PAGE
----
Ziada family
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Ismail Ziada is suing two Israeli generals for the deaths of six relatives during Israel’s 2014 attack on Gaza.
As Israelis went to the polls on Tuesday, one of the leading candidates for prime minister was fending off war crimes accusations in a court in The Hague. Palestinian-Dutch citizen Ismail Ziada is seeking justice for Israel's killing of six members of his family during its 2014 assault on Gaza.

Ziada holds Benny Gantz, the Israeli army chief at the time, and Amir Eshel, then the air force chief, responsible for the decision to bomb his family's home in al-Bureij refugee camp. The 20 July bombing that year reduced the three-floor building to rubble, killing Ziada's 70-year-old mother Muftia Ziada, his brothers Jamil, Yousif and Omar, sister-in-law Bayan, and 12-year-old nephew Shaban. A seventh person visiting the family was also killed. Ziada is suing the Israeli generals for more than $600,000 in damages plus court costs.

Gantz is now leader of Israel's Blue and White coalition. After this week's inconclusive election result, he is seeking the support of other parties to put together a government.

In Tuesday's session, the Dutch court heard arguments about whether it has jurisdiction over the case. Lawyers for Gantz and Eshel tried to frame Ziada's legal action as part of "an anti-Israel campaign." Earlier this year, Israel urged the Dutch court to dismiss the war crimes case against Gantz.

This video shows part of Ziada's statement in court:


Pressure

In the run-up to the hearing, Ziada's family faced tremendous pressure. The brakes of the family car were sabotaged last December, but a police investigation provided no leads. A few months later, Ziada's wife Angélique Eijpe was publicly attacked by the Israel lobby organization CIDI. She was falsely accused of seeking to "end Jewish democracy" in her work for the One State Foundation. CIDI also parroted Israeli claims that the bombing of the Ziada family house was justified.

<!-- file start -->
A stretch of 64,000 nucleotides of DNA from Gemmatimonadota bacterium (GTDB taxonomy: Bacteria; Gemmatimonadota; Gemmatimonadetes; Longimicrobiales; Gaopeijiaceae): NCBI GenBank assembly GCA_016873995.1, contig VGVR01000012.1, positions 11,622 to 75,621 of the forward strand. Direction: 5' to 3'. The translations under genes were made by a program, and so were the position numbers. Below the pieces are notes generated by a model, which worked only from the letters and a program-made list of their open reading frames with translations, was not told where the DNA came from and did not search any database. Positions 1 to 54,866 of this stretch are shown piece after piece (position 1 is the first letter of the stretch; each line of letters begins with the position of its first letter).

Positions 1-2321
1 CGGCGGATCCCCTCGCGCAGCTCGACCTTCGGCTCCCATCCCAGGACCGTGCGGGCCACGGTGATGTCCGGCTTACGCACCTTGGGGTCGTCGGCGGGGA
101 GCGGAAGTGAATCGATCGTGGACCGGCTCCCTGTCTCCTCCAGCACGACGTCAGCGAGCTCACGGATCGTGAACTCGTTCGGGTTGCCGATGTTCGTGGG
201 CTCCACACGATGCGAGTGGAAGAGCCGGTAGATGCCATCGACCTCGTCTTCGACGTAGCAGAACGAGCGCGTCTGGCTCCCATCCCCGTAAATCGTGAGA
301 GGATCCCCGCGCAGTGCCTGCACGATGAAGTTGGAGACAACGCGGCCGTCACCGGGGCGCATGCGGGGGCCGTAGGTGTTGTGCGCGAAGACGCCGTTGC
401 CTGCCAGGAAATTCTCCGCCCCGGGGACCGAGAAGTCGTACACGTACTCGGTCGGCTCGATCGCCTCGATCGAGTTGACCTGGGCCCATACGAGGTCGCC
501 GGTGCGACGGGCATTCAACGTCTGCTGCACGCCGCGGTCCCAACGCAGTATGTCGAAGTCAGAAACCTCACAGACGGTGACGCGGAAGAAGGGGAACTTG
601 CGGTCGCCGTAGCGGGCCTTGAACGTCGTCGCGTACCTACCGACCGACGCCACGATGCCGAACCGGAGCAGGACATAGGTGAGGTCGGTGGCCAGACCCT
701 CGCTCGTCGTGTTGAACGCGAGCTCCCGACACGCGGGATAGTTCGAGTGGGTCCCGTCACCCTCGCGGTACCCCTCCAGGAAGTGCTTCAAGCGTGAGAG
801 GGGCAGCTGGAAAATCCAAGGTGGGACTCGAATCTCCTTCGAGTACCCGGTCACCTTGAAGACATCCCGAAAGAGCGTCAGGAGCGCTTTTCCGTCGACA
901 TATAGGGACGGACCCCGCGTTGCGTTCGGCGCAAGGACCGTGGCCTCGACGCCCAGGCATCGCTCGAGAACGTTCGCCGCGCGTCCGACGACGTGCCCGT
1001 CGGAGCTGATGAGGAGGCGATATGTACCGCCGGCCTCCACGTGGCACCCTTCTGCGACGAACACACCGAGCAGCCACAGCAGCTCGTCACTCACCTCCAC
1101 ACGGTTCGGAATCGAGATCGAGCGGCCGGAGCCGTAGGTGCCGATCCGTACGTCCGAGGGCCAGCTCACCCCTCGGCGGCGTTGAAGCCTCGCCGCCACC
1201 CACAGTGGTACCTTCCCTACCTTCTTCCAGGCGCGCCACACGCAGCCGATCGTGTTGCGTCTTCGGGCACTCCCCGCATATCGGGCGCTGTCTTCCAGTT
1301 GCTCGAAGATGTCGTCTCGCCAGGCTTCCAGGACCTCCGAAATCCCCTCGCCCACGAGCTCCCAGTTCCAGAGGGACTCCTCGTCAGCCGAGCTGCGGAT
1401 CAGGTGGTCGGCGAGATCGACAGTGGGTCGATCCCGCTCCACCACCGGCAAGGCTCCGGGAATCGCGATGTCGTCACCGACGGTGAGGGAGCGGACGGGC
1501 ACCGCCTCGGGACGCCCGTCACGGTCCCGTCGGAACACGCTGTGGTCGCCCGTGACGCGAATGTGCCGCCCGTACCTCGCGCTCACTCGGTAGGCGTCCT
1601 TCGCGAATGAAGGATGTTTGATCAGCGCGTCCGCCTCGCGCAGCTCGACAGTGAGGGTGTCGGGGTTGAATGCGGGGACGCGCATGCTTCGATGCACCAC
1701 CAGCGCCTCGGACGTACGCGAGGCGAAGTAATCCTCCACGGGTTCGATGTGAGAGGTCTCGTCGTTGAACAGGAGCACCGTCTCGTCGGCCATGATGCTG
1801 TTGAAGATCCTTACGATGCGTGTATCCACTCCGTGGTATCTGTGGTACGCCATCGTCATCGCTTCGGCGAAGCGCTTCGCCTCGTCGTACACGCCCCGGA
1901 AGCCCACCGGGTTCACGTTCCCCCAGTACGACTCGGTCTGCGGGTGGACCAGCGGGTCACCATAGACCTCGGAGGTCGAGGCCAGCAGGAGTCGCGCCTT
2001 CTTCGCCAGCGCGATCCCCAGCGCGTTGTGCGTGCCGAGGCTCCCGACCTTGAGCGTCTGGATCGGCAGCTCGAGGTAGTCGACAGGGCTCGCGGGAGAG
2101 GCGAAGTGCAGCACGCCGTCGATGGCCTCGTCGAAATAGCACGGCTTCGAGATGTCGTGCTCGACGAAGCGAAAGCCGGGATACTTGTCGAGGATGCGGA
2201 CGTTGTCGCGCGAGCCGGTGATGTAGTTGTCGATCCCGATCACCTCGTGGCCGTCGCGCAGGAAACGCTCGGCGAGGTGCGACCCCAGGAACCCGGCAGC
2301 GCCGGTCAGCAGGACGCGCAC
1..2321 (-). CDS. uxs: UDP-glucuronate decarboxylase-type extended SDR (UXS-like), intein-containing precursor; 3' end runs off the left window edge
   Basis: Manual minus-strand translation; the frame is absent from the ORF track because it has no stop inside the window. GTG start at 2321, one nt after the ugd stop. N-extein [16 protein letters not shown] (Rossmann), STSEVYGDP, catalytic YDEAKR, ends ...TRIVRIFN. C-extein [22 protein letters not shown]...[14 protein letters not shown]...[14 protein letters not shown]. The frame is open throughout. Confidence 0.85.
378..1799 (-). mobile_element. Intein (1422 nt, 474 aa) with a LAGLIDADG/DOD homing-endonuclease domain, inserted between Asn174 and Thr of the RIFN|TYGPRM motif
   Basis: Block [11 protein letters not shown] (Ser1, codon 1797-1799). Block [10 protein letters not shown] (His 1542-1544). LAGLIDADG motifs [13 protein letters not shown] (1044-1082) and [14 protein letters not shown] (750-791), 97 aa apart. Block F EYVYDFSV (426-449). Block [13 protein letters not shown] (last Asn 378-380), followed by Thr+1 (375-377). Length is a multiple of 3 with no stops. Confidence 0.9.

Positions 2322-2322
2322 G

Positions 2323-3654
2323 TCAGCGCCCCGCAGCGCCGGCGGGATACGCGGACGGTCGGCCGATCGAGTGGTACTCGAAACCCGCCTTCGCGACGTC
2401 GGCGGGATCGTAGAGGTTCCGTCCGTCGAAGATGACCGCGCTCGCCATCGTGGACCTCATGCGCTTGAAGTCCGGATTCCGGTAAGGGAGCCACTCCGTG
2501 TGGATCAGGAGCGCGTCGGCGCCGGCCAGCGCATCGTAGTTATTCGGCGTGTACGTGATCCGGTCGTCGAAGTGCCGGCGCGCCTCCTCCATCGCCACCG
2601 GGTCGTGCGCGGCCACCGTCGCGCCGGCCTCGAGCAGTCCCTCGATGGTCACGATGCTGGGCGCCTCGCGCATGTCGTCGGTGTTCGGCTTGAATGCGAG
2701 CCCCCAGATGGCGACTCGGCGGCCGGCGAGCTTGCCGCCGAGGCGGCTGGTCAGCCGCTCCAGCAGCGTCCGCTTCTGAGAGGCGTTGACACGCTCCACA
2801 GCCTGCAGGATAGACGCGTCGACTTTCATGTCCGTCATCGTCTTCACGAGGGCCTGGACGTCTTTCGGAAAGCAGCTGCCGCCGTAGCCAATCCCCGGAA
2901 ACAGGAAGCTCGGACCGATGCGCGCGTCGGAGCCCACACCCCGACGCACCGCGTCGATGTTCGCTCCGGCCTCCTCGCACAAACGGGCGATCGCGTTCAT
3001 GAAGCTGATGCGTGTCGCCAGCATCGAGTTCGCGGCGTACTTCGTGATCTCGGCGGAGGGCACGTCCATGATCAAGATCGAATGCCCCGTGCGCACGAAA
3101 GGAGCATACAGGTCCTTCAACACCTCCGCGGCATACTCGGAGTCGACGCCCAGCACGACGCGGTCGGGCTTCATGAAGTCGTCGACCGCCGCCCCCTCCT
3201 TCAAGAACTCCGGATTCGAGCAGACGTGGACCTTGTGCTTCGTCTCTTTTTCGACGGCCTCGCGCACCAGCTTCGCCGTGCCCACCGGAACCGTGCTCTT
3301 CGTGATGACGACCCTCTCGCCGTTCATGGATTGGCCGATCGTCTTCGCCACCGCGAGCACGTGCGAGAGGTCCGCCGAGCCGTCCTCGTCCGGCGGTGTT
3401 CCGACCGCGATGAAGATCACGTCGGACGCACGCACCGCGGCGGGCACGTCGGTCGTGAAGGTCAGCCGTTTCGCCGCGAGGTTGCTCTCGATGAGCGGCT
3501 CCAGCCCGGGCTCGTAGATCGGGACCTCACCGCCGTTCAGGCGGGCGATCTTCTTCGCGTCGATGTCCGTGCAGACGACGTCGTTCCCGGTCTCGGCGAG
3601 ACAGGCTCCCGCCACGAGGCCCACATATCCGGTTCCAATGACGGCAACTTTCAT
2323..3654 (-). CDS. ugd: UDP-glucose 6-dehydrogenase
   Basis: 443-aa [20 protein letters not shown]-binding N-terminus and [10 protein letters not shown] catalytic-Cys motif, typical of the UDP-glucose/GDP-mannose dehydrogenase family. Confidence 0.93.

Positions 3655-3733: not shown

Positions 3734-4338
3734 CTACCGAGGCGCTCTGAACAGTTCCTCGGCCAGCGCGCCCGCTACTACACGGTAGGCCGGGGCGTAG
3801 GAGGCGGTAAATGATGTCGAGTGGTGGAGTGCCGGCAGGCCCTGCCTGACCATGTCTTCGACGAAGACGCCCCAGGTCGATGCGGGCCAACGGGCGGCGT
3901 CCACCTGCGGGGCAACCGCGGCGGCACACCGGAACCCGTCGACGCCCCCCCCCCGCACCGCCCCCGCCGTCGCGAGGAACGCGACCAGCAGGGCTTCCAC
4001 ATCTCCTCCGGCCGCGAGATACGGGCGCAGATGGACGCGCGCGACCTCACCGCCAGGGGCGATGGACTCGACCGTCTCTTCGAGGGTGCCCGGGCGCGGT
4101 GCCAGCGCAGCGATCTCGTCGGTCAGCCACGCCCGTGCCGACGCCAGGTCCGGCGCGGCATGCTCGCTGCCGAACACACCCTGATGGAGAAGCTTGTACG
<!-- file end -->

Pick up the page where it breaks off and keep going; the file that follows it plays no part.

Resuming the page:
Shortly before the hearing, Twitter suspended the account of the Palestine Justice Campaign, which supports Ziada's legal action. The social media company alleged an unspecified "breach of rules." Twitter did not respond to requests for clarification from the campaign.

Bragging about killing

Many journalists, friends and supporters of Ziada attended the court hearing. The Israeli generals were not present but were represented by lawyers.

The Ziada house was attacked during Israel's 51-day assault on Gaza which killed 2,251 Palestinians, including 1,462 civilians, among them 551 children, according to an independent investigation commissioned by the UN Human Rights Council. More than 11,000 Palestinians were injured, the majority women and children.

Ziada's lawyers, human rights and war crimes experts Liesbeth Zegveld and Lisa-Marie Komp, argue that the attack on the Ziada home was part of Israel's "policy to bomb civilian residential buildings" in "breach of international humanitarian law."

Gantz and Eshel were among the top leaders who "designed the policy of bombing residential buildings" and are "fully responsible for the decision to bomb the Ziada family residence," they allege in the complaint. The independent UN investigation supports Zegveld and Komp's view. On Tuesday, Ziada's lawyers showed the court Gantz's election campaign video bragging about how much killing and destruction he perpetrated in Gaza.